1. The media: Anti-vaccine websites circulate through social media and search engines to inflame fears surrounding vaccine use on children.
  2. The political machine: Most states have anti-vaxxer committees such as Texans for Vaccine Choice and Oregonians for Medical Freedoms lobbying state legislatures against advocates like Hotez.
  3. Deliberate predation: These committees target minority populations to evangelize the supposedly harmful nature of vaccines. They even compare mandated vaccination to historical events like the Holocaust and the Tuskegee Syphilis Experiments.
  4. The War on Women: Anti-vaccination has lately shifted focus from the MMR vaccine to the HPV vaccine, which means less protection against cervical cancer for young women especially.

In response to these components, Hotez and his colleagues have demonstrated the safety of vaccines through scientific fact and personal narrative. Hotez notably published his book Vaccines Did Not Cause Rachel’s Autism, which discussed his daughter’s autistic development, to assuage vaccine fears. Above all, he argued, scientists need to make science more accessible to ordinary people. “The American public has absolutely no idea what we do,” he stated, an issue that only intensifies distrust of the scientific community.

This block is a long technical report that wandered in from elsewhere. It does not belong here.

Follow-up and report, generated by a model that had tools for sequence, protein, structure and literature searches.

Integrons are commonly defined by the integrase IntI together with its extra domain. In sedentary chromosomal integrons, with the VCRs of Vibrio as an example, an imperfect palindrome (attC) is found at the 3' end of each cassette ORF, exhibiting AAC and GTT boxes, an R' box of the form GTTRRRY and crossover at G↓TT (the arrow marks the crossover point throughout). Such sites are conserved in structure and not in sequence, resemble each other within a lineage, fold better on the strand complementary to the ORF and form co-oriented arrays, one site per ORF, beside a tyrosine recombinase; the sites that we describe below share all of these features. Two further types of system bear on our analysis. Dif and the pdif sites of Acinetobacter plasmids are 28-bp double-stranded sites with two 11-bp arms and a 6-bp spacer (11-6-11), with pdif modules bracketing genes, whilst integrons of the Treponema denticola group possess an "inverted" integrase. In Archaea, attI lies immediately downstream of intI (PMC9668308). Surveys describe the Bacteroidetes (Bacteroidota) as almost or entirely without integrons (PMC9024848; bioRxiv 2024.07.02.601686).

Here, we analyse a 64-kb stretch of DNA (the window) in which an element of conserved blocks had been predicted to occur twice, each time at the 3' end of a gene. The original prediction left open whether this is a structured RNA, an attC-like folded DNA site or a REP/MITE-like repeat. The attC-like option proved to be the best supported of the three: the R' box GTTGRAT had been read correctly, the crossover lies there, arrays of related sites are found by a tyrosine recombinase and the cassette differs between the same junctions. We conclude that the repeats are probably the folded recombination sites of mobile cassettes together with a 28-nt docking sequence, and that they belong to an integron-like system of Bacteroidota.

The last third of the lecture focused on laboratory developments, many of which directly respond to these problems. Hotez noted how diplomacy with scientists and governments in the Middle East and South Asia have allowed us to better fight NTDs. The hookworm vaccine that he and his colleagues are developing at Baylor will help the body block hookworms before they can latch onto the skin. Finally, a coronavirus vaccine is in the works, but scientists have to determine its safety before deploying it publicly.

In conclusion, Hotez claimed we are embroiled in an epic struggle. Technology will, and does, help us make strides, but we need to hone our writing and communication skills to include the public in conversations.

As perhaps the sole humanities scholar in the hall, I reflected on the superficial divide between liberal arts and STEM that has emerged in the past decade and the resources that exist to combat this issue. Many of my students in the History of Medicine survey course are science majors, yet they develop key argumentative, discussion and writing skills through the course as well as nuanced understandings of race, gender and class in medicine. Then there are blogs like Biomedical Odyssey, where medical and graduate students sharpen their communicative and investigative abilities for future professional work.

Thus, at Hopkins, we already have the tools to contest these “destructive forces” Hotez discussed — we now need to consider how we employ them.